In 1983, my mentor, Martin Graham, PhD, had me build a Wheatstone bridge for measuring the common-mode impedance of certain twisted-pair cables, now known generically as Category 3 UTP (unshielded twisted pair). My setup required some closely matched carbon-composition resistors with values accurate to within ±½%.
The measurements would be taken at fairly high frequencies covering the 10- to 100-MHz range. At such frequencies, even the parasitic series inductances and shunt capacitances of the resistors must match. That requirement rules out the use of trimming potentiometers to meet the stringent accuracy requirement.
I needed a few bull's eye, hit-the-spot, on-the-money, perfect resistors. Looking at the lab stock available on that day, I found no high-precision carbon-composition resistors. There were some 2% metal-film resistors in stock, but I knew that the manufacturers of those parts sometimes etched serpentine patterns in the metal film to elongate the resistor, thus increasing the parasitic series inductance to levels unacceptable for my application. Carbon-composition resistors are made in a simple cylindrical shape that is ideal for high-frequency use.
The only carbon-composition resistors I found had a 10% tolerance. I decided that they might work if I hand-selected values good enough for my purpose. I reasoned that out of 100 parts rated at 10% tolerance, about 10 should fall within 1% of the advertised value and that even more would do so if the distribution were centrally clumped. From those 10 parts, I hoped to select a couple of pairs suitable for my setup.
Imagine my surprise when, after an hour of labor and after checking 300 resistors, I found that none-absolutely none-fell within my 1% initial selection window.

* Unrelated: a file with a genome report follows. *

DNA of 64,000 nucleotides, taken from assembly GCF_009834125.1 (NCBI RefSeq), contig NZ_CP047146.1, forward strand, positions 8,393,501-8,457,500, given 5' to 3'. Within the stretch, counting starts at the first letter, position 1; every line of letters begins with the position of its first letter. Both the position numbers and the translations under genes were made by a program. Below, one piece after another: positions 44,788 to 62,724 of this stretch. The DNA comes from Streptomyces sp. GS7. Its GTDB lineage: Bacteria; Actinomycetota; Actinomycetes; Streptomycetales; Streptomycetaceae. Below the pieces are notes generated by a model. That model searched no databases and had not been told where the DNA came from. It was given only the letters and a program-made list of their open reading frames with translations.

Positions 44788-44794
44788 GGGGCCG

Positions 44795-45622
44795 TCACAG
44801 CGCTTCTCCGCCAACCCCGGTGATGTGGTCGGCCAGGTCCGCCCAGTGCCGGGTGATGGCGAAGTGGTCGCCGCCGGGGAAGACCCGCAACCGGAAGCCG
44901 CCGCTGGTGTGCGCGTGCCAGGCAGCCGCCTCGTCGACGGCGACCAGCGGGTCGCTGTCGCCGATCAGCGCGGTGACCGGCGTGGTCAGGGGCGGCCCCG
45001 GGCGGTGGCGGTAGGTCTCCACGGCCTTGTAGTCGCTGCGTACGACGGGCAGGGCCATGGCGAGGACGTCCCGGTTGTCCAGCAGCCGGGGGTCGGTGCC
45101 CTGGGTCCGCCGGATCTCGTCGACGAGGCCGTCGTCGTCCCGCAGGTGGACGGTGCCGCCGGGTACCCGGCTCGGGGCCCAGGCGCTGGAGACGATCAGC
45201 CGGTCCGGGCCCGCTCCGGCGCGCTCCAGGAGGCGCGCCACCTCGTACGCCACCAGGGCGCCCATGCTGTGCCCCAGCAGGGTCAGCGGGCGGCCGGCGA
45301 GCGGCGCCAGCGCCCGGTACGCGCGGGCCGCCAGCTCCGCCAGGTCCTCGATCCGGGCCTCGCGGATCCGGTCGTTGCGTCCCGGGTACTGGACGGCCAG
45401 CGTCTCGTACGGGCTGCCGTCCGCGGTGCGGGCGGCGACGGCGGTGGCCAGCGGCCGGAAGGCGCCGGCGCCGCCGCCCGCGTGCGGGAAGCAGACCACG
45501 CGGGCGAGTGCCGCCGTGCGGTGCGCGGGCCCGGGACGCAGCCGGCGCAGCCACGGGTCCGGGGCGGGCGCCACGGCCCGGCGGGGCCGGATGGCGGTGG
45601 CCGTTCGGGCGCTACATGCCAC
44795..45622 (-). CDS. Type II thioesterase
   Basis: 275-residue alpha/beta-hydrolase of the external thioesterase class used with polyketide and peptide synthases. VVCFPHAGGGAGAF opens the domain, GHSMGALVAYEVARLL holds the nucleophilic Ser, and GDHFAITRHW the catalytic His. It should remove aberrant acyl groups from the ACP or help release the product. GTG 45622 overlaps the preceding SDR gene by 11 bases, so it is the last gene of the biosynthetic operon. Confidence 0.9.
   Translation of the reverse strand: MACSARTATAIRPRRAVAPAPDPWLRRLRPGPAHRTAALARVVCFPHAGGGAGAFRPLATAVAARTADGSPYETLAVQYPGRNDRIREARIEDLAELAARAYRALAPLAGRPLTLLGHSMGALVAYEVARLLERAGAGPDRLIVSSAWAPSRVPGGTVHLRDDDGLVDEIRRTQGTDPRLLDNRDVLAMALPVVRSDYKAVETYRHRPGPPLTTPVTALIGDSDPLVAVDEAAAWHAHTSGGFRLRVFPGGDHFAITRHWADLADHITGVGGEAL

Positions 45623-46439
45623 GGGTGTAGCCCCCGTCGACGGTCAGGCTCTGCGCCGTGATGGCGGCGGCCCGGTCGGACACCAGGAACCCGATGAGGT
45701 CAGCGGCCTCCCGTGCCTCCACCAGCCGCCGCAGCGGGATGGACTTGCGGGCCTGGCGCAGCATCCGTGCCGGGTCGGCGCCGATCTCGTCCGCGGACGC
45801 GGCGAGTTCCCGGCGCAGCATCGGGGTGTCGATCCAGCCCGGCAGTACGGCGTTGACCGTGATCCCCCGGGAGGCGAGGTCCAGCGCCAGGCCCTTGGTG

Mathematically, if the component values were distributed evenly across the whole tolerance band of ±10%, the probability of any one resistor's falling within a ±1% selection window should be one out of 10, or 0.1. The probability of any one resistor's falling outside the selection window then equals the complement of that value, 0.9. If you repeat the experiment 300 times, the probability of all the resistors' falling outside the selection window equals (0.9)300=1.8×10-14. It seemed to me inconceivable that such a low-probability event could ever actually occur in my sample of 300 parts. Monkeys striking random keys on a typewriter could compose a sonnet in the mean time between experimental failures of that magnitude.
Perplexed, I sought guidance from Martin. I found him in the company cafeteria enjoying a meatloaf sandwich. On a ketchup-stained napkin, he patiently drew an odd-looking curve (Figure 1).
The drawing complete, Martin said, "A 10% carbon-composition resistor is made in a somewhat slipshod manner. The manufacturer tries to get it right, but some of the variables are just too difficult to control. They make up a batch, test them all, and then throw away the bad ones. What's left is a distribution of values truncated on either side at the ±10% limits. The other main feature of the distribution is the big gap-toothed section in the middle. That's where they pulled out all the good parts and sold them at a higher price with a ±5% tolerance. How else do you think they make 5% resistors?"
My jaw hit the floor when I grasped how perfectly his explanation matched my results. He paused and then passed along another point of wisdom: "Design your circuit to use values that lie 7% away from the nominal standard values, either higher or lower, and you'll find plenty of those in the bins when you do your hand selection."